Here's the Chapter 4 illustration for the Notable Missourian book on Buck O'Neil.

While Buck was serving in the Pacific he got the news about Jackie Robinson getting signed with the Brooklyn Dodgers.  Black players finally being "welcomed" into the major leagues was a big deal; it also meant the inevitable death of the Negro League which had become a celebrated contributor to black culture.  Still, Buck and most of the country was thrilled.  Finally, the best could play with the best.

This illustration is for the Notable Missourian book on Buck O'Neil, published by Truman State University Press.

Final Art

Final Art

Rough sketch

Rough sketch

Buck O'Neil with the Monarchs

Here's another illustration for the Notable Missourian book on Buck O'Neil (Truman State University Press).  This one shows Buck playing 1st base for the Kansas City Monarchs during the Negro League World Series against the Homestead Grays.  

Rough Sketch

Rough Sketch

Barnstorming Baseballers

This illustration is for chapter 2 of the Notable Missourian book on Buck O'Neil by Truman State University Press.  Many early Negro League teams would "barnstorm" small towns to play baseball against local company teams or other Negro League teams.  The towns loved this because they weren't often able to watch high caliber major league players, and in every sense the negro league players were exactly that.  It is still commonly believed that some of the best players to ever play baseball were likely in the negro leagues.

Anywho I'm on a tangent!  I've been on a Ken Burns kick and am smack in the middle of the Baseball series which dovetails nicely with this book about Buck O'Neil.  This illustration shows Buck and a bunch of his teammates driving to the next small Florida town where they have a game scheduled.  If one of the cars would break down, the guys would have to all cram into a single car to make it to their destination. Some of the guys would even stand on the running boards and ride on the outside of the car! Now that's dedication.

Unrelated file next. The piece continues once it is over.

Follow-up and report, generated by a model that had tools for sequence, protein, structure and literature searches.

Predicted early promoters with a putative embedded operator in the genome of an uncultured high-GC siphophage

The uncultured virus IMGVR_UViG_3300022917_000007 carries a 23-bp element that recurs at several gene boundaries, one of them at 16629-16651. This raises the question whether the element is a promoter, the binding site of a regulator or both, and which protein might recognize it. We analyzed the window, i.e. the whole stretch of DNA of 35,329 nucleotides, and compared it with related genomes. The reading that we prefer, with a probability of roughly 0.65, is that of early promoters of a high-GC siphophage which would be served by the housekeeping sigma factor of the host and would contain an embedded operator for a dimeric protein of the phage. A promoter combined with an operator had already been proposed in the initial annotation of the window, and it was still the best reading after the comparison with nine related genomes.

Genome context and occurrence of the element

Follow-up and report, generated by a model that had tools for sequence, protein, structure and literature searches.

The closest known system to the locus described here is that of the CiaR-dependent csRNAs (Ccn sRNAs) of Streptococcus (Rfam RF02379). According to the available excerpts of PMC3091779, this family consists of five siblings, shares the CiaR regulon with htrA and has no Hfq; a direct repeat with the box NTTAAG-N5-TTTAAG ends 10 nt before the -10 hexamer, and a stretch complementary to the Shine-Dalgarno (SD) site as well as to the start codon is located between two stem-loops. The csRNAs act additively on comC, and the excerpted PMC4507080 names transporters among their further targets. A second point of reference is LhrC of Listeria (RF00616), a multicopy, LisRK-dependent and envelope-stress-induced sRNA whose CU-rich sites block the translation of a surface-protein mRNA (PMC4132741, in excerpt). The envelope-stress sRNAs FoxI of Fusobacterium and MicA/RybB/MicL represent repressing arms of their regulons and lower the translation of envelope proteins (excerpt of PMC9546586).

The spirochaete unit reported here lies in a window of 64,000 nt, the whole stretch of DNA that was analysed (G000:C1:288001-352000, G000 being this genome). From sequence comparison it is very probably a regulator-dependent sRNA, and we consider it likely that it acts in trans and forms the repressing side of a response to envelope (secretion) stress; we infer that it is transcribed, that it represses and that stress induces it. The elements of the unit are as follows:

Rough Sketch

Rough Sketch

Buck O'Neil!

Here's some more Notable Missourian artwork for a book on baseball legend Buck O'Neil (published by Truman State University Press).  This illustration shows young Buck and some friends watching a baseball game through a fence.  

Final Art

Final Art

Approved rough sketch.  I ended up moving the fence and the ball field up for the final art.

Approved rough sketch.  I ended up moving the fence and the ball field up for the final art.

Alternate rough sketch

Alternate rough sketch

Another alternate sketch   

Another alternate sketch

 

William Clark chapter 2 illustration

Here's the art for the 2nd chapter of the Notable Missourian book (Truman State University Press) on William Clark.

William Clark, Meriwether Lewis and their interpreter, Sacagawea, meet with Native American tribes on their journey up the Missouri.

William Clark, Meriwether Lewis and their interpreter, Sacagawea, meet with Native American tribes on their journey up the Missouri.

Original rough sketch

Original rough sketch

Alternate rough sketch

Alternate rough sketch